Need Some information on 4500 Series switches

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Jun 26th, 2009
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Hello Everyone ,


I need some information about the "Catalyst 4500 Series Switches" I was reading the "Data Sheet" for "4500 Series Switches" I have some confusion that is :


(1) What is 64 Gbps and 48 Mbps in 4500 Series Switches.


(2) Is there any formula to calculating "Bandwidth" and "Throughput"


(3) On "Data Sheet" it says "6 Gbps" and "24 Gbps" per slot bandwidth

( Suppose I have 48 port moduel it support 6 Gbps all together in classic or 24 Gbps in E- series")


(4) If any one know about the good link form where I can't find more detail about Catalyst 4500 Series switches please send me the e-mail , I am going to purchase the these switches very soon.


Please suggest


I have :


3550 as Main switch Qty #1

Speed 1000 MB


2924 swicthes Qty #3

switch support FastEthernt 100 MB(connecting to Test and Development servers)


2970 switches Qty # 2

switch support GigabitEthernt 1000 MB

(connecting to production servers)


3750 switches for users Qty # 5

switch support FastEthernt 100 MB

(Connecting to End Users)


"I have (2) 3750 switches stack together and other (3) switches stack together and both switches has only one trunk port to the main swicth that is "3550"

I don't know is the bandwidth isuue ?






Thanks

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Giuseppe Larosa Fri, 06/26/2009 - 07:19
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Hello Muhammad,


real performance depends from all of the following:

chassis model

supervisor model

linecard types


total figure change widely


see

http://www.cisco.com/en/US/prod/collateral/switches/ps5718/ps4324/product_data_sheet09186a008033a3bd.html


a comparison of supervisors


http://www.cisco.com/en/US/products/hw/switches/ps4324/prod_models_comparison.html


so 64 Gbps can represent a backplane capacity (equivalent to 32 GE full rate they count twice input/output)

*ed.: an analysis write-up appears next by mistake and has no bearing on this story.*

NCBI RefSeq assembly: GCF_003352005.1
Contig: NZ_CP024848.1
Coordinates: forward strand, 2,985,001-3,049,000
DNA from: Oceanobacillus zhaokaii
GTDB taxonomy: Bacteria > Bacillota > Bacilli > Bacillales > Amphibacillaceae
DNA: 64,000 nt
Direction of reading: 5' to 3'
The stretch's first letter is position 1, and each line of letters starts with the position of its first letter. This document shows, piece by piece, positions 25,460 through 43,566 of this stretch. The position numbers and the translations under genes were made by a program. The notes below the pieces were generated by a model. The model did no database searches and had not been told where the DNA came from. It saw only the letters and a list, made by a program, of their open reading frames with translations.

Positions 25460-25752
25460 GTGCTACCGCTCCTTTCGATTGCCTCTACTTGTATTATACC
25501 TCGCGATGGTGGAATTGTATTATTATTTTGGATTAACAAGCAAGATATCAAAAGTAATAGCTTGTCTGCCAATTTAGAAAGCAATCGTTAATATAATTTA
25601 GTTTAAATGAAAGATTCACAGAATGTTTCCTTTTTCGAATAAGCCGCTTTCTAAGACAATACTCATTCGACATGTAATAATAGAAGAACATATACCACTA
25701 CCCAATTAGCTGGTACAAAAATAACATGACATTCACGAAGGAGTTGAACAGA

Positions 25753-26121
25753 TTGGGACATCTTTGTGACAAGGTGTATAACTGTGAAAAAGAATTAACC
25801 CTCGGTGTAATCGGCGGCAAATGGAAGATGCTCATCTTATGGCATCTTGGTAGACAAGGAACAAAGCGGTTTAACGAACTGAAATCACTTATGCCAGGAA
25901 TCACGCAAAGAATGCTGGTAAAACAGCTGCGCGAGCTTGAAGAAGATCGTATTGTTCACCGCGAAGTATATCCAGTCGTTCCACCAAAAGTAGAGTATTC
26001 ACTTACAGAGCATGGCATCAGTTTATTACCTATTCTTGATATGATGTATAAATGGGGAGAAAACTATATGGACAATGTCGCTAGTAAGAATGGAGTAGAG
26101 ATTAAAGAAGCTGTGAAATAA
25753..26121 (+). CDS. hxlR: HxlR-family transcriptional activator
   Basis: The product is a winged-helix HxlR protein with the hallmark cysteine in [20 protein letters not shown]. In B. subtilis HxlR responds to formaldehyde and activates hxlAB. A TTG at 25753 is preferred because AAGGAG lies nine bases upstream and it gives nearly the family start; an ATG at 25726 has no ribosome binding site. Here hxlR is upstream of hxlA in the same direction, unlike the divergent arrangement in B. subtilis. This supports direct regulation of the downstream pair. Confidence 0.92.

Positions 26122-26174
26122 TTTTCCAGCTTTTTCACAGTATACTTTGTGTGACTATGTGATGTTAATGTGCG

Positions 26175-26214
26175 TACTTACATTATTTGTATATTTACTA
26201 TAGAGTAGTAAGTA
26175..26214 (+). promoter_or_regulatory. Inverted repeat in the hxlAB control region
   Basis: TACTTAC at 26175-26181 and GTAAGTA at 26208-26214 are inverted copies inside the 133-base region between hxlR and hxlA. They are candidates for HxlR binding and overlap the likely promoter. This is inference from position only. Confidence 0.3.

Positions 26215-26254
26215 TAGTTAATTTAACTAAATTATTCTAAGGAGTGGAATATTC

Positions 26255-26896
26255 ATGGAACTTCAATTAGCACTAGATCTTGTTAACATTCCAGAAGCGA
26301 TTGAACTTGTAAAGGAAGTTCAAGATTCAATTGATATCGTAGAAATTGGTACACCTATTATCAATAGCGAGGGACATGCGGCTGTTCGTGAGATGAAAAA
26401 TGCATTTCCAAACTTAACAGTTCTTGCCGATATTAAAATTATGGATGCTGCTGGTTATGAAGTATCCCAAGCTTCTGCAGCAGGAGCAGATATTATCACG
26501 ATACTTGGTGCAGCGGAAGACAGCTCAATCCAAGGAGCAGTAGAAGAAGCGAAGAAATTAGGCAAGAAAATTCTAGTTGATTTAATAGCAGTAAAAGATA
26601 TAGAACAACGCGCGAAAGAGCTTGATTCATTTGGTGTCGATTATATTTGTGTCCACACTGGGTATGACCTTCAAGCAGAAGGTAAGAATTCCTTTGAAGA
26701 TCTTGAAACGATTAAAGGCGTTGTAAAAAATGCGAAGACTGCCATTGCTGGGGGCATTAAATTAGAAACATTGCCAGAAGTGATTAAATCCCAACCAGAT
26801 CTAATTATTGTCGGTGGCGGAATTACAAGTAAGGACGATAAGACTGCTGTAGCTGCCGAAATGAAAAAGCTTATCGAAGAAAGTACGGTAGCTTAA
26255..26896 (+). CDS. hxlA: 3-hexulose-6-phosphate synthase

48 Mpps stand for 48 millions of packets per second processed.


2)

you need to take in account preamble and interframe gap:

given an IP packet of size S the line usage is given by:

S+18B = L2 frame

total usage = S+18B +20,2B


minimum size is 64 bytes padding is added if necessary


3) traditional linecards connect at 6 Gbps to the backplane but groups of 8 ports share a 1Gbps ASIC this is true up to WS-X4548-GB-RJ45 included

E modules have more performances


The choice of supervisor is dependent on the features you need to run be aware that last supervisors 6E 6LE can have more performance and less features then previous ones.


Hope to help

Giuseppe



Joseph W. Doherty Fri, 06/26/2009 - 08:39
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#1 You're probably reading the supervisor's supported fabric bandwidth and forwarding rate.


#2 Yes there is, but depends on media and frame/packet sizes. Wire-rate or line-speed Ethernet requires about 1.488 Mpps per Gbps (one direction) for minimum size packets.


#3 The 6 Gbps vs. 24 Gbps, is how much bandwidth the chassis and supervisor can provide per card slot. To obtain up to 24 Gbps, you need a supervisor, chassis and line card that all can support it.


#4 http://www.cisco.com/en/US/products/hw/switches/ps4324/index.html


"I have (2) 3750 switches stack together and other (3) switches stack together and both switches has only one trunk port to the main swicth that is "3550"

I don't know is the bandwidth isuue ?


Not enough information to say, but you might be served well by using Etherchannel between some of the switches.


Unclear what you're needs are, especially L2 vs. L3, but if you want to consider a less expensive upgrade than a 4500 chassis, you might want to consider stacked 3750s and/or stacked 2975s. For instance, if your physical setup allowed it, adding two or three 3750Gs to your existing dual 3750s, to the same stack, might well eliminate the need for the other switches.

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